Nintendo Switch – Case Study

Date: 4 March 2018
Services: UX/UI Design
Project Type: Personal

Introduction

Playing video games is always a new experience whether it’s good or bad especially when a new game console released with a new way to play. I wanted to start my first UX Design project with the Nintendo Switch navigation and categories included.

This new challenge was the begging of my trip in the UX world with methodologies to apply in an entire project like personas, user flows, surveys, flowchart, userflow, prototyping, sketching…

The product / Process

In that case where you don’t know the Nintendo Switch, it’s the last Nintendo’s hybride game console released the 3th March 2017. That game console focused on the way to play everywhere thanks to its portability to “switch” between TV mode to Tablet mode with controllers which can be attached and detached from a support or the Switch itself. It’s purpose as a new type of game console and Nintendo’s motto, is to create a new experience of gaming and something we haven’t seen before.  

Target Market

Thanks to Nintendo’s reports, we have a better idea about the different user across the wold and the way they use the console.

Users who installed the Nintendo Switch on their home and linked their accounts to the Nintendo Account in the U.S. are 18 or older and the most part gather the 19-34 years people. Regular users will be looking for playing and as quickly as possible to the game they wanted to play and know how many of their friends are online to play with.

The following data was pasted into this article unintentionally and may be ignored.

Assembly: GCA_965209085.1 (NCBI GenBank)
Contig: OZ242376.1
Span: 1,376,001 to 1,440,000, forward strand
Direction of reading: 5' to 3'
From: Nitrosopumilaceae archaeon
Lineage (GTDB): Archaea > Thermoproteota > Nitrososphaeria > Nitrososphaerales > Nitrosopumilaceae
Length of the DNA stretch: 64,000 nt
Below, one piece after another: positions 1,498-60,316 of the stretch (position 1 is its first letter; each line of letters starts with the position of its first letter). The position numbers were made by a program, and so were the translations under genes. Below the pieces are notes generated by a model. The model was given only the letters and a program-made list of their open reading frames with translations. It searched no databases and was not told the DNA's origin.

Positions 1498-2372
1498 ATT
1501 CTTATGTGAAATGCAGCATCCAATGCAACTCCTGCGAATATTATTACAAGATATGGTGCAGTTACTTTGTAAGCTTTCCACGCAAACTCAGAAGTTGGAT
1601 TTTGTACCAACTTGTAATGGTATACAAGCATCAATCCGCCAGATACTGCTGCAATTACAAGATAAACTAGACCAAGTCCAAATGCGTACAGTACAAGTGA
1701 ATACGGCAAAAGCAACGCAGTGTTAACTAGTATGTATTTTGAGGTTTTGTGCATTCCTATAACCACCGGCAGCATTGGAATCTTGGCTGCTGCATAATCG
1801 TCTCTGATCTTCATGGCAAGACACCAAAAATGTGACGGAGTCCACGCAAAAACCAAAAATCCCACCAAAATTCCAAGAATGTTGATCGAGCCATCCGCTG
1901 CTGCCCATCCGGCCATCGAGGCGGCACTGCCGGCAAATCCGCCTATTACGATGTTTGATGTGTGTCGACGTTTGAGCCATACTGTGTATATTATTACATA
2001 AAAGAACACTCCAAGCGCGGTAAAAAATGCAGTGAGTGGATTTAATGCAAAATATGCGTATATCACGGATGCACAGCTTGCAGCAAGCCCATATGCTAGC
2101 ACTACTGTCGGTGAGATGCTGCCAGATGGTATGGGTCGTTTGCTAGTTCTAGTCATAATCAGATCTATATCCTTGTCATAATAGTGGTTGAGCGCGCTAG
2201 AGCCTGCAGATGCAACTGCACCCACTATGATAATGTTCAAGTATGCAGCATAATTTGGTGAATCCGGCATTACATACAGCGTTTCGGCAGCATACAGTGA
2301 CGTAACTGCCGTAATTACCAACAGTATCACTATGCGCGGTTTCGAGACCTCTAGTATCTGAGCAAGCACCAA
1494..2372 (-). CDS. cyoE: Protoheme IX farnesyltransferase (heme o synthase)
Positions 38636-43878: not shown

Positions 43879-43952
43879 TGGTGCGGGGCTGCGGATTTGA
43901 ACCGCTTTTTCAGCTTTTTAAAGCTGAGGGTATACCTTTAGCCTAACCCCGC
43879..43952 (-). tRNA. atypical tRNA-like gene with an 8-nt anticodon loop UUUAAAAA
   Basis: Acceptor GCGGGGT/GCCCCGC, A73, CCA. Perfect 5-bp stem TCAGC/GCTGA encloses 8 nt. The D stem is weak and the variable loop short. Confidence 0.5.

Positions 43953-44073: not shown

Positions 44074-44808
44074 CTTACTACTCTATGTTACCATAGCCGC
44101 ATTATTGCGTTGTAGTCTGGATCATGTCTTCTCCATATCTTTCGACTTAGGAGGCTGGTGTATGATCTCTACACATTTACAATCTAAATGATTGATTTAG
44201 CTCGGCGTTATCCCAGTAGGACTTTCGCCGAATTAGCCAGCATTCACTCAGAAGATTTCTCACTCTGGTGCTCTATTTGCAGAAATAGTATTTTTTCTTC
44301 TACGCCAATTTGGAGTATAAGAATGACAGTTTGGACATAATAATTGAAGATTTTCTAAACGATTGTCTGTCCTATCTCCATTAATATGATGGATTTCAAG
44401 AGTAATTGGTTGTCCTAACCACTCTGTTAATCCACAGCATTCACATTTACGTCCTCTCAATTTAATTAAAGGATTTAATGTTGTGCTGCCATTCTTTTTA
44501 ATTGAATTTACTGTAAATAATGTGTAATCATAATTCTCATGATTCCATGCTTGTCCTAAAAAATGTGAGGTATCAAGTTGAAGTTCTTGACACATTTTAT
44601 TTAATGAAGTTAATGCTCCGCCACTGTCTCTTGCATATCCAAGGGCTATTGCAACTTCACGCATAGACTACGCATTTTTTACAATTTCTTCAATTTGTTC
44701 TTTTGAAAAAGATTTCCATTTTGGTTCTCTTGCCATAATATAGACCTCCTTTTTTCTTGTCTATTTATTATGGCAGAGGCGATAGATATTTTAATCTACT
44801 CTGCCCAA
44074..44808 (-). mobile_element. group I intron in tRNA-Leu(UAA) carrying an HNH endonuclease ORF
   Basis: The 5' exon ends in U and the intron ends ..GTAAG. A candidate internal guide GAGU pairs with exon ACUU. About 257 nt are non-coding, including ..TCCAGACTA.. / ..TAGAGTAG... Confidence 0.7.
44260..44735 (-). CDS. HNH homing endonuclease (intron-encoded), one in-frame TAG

img_usage_by_user
Trends Nintendo

About the Nintendo Switch gameplay trends based on registered Nintendo Account from users playing on the 3 different mode :

  1. TV Mode : where the Nintendo Switch is placed on the dock,
  2. Handled Mode : where the Nintendo Switch is undocked to play like a tablet,
  3. Tabletop Mode : where you flip the stand to share the screen for multiplayer gaming session.

The graphs overhead show the different play modes and we can clearly see that users are more playing in both styles.

The challenge

After a lot of hours using the Nintendo Switch (not only for playing), I noticed a few UX problems that can be resolved. That’s why I choose it to start my first UX case study and start my trip to know if someone else shares my problems and improvements to the game console.

My design process

I used my Design Thinking process in an iterative approach in order to : redefine problems, better understand users, the conditions of their use, how they think, behave, feel and empathise :

Design Thinking Process

In the Understand phase :

  • Empathise : helps me to more define problems,
  • Define : helps me to focus on the core problems defined before.

In the Explore phase :